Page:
THE Sunday National is to be congratulated on the report “Yes vote could see Trident scrapped” (July 26). The resolution to be submitted to the SNP AGM this October is excellent, and I commend it to all branches and members for discussion.

I would add a caveat, however. There is a fundamental problem it does not tackle. Assuming the motion is successful, the question follows – what happens to Trident in the period between independence and its removal, however many years this may take?

The sine qua non of independence is control over the life-and-death question of war and peace. If you don’t have that, you do not have independence. On the morning of independence, defence is entirely in the hands of the Scottish Government. Does it permit Trident to go on patrol as usual hoping that it will not actually be used, or does it insist that Trident remain berthed and inoperable pending its removal? There is no third option.

Many siren voices are calling for the former option. The distinguished defence authority Trevor Royale cites Iceland leasing the base at Keflavik to America as a model. But this analogy takes no cognisance of the vast moral gulf between a conventional military base and the deploying of illegal nuclear WMD.

It is depressing to note that on the very next page, Gerry Hassan quotes from a whole series of vox pop opinions (Independence: The New Normal), not one of which mentions the T word.

READ MORE: Gerry Hassan: Tory troubles and the long-running crisis of Unionism

This is dire proof of how the unthinkable has become normalised, and our moral sensitivities corrupted. The world’s most powerful machine for the mass killing of human beings has been so domesticated it has become almost invisible. It is a source of anguish to me that I live in a society so corrupted by nuclear idolatry that it is blind to its own degradation.

A similar lack of focus is exhibited by Douglas Chapman MP, who rightly deplores the near accident involving a nuclear submarine and ferry on the Belfast-Cairnryan crossing in 2018 and is thankful nobody was injured. But what of the Antares, which was sunk in 1990 with the loss of all four crew members? And what of the collision between HMS Vanguard and French nuclear sub Le Triomphant in 2009, or the potentially catastrophic crash that occurred in November 1974 when the American SSBN James Madison, armed with 16 Poseidon nuclear missiles, hit an unidentified Soviet submarine that was shadowing it?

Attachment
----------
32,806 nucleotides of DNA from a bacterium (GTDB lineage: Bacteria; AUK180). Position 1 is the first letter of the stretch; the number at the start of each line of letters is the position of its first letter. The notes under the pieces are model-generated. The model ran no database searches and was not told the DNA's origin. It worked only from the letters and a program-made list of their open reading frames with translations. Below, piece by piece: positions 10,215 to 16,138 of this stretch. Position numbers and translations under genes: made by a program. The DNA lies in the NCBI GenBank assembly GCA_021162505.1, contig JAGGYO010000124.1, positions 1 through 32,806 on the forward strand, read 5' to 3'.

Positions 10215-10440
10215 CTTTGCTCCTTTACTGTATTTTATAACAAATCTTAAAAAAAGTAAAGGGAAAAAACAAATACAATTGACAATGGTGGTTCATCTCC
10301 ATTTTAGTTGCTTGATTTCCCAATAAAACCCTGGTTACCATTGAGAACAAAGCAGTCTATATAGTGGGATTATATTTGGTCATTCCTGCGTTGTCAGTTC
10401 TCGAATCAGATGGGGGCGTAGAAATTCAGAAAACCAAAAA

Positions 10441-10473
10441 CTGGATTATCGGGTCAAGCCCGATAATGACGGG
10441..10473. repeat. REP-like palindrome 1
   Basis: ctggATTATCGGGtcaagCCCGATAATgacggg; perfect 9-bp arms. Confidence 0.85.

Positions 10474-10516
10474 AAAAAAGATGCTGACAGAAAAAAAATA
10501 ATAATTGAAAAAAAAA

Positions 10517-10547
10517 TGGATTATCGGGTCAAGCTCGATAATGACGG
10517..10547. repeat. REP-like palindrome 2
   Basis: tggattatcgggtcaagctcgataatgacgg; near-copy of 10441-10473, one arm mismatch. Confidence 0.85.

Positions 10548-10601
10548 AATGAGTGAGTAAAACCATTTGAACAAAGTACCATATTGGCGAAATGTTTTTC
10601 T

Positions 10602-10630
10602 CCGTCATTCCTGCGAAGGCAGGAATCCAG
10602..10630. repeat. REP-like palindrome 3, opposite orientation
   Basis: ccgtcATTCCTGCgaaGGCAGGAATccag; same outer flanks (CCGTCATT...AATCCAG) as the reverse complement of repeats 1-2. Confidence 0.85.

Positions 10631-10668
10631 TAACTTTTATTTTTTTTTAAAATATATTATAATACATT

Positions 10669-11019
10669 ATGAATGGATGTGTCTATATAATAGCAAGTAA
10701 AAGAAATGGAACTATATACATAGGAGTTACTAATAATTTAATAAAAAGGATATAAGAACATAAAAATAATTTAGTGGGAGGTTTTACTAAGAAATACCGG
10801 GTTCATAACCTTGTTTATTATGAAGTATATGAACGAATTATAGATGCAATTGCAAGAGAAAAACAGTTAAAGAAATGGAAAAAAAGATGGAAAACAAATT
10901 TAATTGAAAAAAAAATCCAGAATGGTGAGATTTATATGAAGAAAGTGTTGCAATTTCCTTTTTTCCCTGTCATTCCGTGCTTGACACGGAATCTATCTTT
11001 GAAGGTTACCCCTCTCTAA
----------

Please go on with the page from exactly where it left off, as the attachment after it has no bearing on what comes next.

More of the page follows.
These near disasters place our current complacency under the harsh spotlight of reality. We need radical change as soon as we are independent, not some years thereafter.

Arundhati Roy hit the nail on the head when she wrote: “Nuclear weapons pervade our thinking. Control our behaviour. Administer our societies. Inform our dreams. They bury themselves like meathooks deep in the base of our brains. They are the purveyors of madness. They are the ultimate coloniser. Whiter than any white man that ever lived. The very heart of whiteness.”

Brian Quail


WITH reference to the article in the Sunday National regarding Scottish independence and the removal of Trident and all its associated obscene equipment, why will it take three years to have it removed after we (inevitably) gain our freedom? That monster should have its arse kicked out of Scotland in a matter of weeks. We will be a nation in our own right and can demand the immediate withdrawal of foreign forces from our waters and so the actual subs can leave immediately (avoiding any ferries en route, of course) and park there respective bums in Englandshire (Tilbury Docks sound nice and cosy). For once we will happily allow the transportation of the filthy weapons by road, out of our land forever.

There is, I am sure, a very strong feeling on this matter amongst Yes voters of all parties and persuasions. These weapons are totally disgusting and their use would be non-discriminatory. We must not allow them in Scotland after independence for anything like three years.

Ian Heggie